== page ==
She looked at him over her shoulder.

"I do not remember that I agreed to anything of the sort," she declared. "I think it was you who laid down the law about that. As a matter of fact, I think that your silence about her is very unkind. I suppose you have seen her?"

"Yes, I have seen her," Tavernake admitted.

"She continues to be tragic," Elizabeth asked, "whenever my name is mentioned?"

"I should not call it tragic," Tavernake answered, reluctantly. "One gathers, however, that something transpired between you before she left, of a serious nature."

She looked at him earnestly.

"Really," she said, "you are a strange, stolid young man. I wonder," she went on, smiling into his face, "are you in love with my sister?"

Tavernake made no immediate response, only something flashed for a moment in his eyes which puzzled her.

"Why do you look at me like that?" she demanded. "You are not angry with me for asking?"

"No, I am not angry," he replied. "It isn't that. But you must know--you must see!"

Then she indeed did see that he was laboring under a very great emotion. She leaned towards him, laughing softly.

"Now you are really becoming interesting," she murmured. "Tell me--tell me all about it."

"I don't know what love is!" Tavernake declared fiercely. "I don't know what it means to be in love!"

Again she laughed in his face.

"Are you so sure?" she whispered.

She saw the veins stand out upon his temples, watched the passion which kept him at first tongue-tied.

"Sure!" he muttered. "Who can be sure when you look like that!"

He held out his arms. With a swift little backward movement she flitted away and leaned against the table.

"What a brother-in-law you would make!" she laughed. "So steady, so respectable, alas! so serious! Dear Mr. Tavernake, I wish you joy. As a matter of fact, you and Beatrice are very well suited for one another."

The telephone bell rang. She moved over and held the receiver to her ear. Her face changed. After the first few words to which she listened, it grew dark with anger.

"You mean to say that Professor Franklin has not been in since lunch-time?" she exclaimed. "I left word particularly that I should require him to-night. Is Major Post there, then? No? Mr. Crease--no? Nor Mr. Faulkes? Not one of them! Very well, ring me up directly the professor comes in, or any of them."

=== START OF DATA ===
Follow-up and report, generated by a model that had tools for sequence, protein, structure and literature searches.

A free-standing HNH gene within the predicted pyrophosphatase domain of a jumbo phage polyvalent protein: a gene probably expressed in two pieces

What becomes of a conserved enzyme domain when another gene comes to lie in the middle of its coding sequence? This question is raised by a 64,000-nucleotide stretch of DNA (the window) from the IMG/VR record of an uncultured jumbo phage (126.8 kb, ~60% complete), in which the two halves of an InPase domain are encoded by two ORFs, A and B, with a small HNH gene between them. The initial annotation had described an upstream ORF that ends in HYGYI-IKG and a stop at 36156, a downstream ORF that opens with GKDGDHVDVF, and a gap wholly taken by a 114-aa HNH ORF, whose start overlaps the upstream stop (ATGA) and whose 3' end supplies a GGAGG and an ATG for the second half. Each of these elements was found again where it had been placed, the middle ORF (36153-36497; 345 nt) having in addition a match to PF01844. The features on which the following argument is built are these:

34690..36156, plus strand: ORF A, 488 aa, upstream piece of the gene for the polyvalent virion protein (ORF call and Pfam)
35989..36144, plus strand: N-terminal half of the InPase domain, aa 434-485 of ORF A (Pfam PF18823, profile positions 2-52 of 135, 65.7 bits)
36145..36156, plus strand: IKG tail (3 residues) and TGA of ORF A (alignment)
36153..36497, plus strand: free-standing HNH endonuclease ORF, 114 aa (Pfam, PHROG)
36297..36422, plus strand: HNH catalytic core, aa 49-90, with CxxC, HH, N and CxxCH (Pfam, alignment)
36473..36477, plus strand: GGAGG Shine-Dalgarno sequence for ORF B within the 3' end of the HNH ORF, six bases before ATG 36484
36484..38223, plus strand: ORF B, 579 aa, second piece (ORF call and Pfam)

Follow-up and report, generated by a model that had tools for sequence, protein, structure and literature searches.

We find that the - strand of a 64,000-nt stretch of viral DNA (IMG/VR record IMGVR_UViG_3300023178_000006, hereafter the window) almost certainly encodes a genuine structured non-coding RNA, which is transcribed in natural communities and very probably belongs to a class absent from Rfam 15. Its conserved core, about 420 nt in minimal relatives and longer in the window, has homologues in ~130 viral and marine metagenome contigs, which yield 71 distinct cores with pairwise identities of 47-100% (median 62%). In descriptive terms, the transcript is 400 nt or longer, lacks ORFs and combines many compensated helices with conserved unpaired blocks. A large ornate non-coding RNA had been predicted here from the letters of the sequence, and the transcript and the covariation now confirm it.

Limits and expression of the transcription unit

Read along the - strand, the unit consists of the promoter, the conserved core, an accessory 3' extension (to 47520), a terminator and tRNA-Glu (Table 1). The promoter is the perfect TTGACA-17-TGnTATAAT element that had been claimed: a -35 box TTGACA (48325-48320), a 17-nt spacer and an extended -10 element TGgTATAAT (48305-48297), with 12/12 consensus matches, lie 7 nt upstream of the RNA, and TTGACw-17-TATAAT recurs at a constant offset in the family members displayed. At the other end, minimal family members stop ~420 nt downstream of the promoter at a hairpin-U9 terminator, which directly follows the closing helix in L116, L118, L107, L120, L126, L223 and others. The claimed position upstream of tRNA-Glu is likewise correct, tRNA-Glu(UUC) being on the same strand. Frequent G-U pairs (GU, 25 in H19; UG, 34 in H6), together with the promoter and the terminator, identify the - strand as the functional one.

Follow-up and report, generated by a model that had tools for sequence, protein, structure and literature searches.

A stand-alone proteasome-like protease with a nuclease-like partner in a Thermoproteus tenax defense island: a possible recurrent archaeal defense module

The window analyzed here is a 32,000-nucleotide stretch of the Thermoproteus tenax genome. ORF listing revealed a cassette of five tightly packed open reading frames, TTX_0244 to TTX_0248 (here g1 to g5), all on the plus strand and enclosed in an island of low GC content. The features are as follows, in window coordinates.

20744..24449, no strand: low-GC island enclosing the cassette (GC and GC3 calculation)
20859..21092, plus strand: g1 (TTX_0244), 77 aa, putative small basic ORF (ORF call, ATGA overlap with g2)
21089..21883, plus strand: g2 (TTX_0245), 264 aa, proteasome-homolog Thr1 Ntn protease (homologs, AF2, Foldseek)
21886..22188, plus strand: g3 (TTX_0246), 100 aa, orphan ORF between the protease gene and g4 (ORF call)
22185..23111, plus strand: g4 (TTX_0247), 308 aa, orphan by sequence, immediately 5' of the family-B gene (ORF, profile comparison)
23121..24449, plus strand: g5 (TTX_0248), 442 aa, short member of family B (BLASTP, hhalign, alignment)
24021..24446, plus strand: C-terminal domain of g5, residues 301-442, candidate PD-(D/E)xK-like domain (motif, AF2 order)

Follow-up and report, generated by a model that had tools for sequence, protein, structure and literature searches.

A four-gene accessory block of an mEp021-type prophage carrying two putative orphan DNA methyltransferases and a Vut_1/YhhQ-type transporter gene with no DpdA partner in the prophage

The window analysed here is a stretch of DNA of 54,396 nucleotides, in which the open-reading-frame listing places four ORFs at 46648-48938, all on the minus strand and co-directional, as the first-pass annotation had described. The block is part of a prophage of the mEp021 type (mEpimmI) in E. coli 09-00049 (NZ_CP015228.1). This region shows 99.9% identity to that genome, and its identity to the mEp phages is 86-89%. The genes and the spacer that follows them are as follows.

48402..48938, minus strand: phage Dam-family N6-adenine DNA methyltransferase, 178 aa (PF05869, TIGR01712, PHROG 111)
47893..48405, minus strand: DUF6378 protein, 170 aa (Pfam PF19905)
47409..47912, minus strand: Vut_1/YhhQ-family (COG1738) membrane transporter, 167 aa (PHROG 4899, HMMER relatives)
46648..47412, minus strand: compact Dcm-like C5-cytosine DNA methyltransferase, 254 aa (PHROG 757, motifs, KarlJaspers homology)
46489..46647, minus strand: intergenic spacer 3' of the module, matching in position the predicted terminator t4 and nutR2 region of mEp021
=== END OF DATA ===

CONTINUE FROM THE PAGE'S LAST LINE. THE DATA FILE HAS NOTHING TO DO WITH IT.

She replaced the receiver with a gesture of annoyance. Tavernake was astonished at the alteration in her expression. The smile had gone, and with its passing away lines had come under her eyes and about her mouth. Without a word to him she strode away into her bedroom. Tavernake was just wondering whether he should retire, when she came back.

"Listen, Mr. Tavernake," she said, "how far away are your rooms?"

"Down at Chelsea," he answered, "about two miles and a half."

"Take a taxi and drive there," she commanded, "or stop. You will find my car outside. I will telephone down to say that you are to use it. Change into your evening clothes and come back for me. I want you to take me out to supper."

He looked at her in amazement. She stamped her foot.

"Don't stand there hesitating!" she ordered. "Do as I say! You don't expect I am going to help you to buy your wretched property if you refuse me the simplest of favors? Hurry, I say! Hurry!"

"I am really very sorry," Tavernake interposed, "but I do not possess a dress suit. I would go, with pleasure, but I haven't got such a thing."

She looked at him for a moment incredulously. Then she broke into a fit of uncontrollable laughter. She sat down upon the edge of a couch and wiped the tears from her eyes.

"Oh, you strange, you wonderful person!" she exclaimed. "You want to buy an estate and you want to borrow twelve thousand pounds, and you know where Beatrice is and you won't tell me, and you are fully convinced, because you burst into a house through the wall, that you saved poor Pritchard from being poisoned, and you don't possess a dress suit! Never mind, as it happens it doesn't matter about the dress suit. You shall take me out as you are."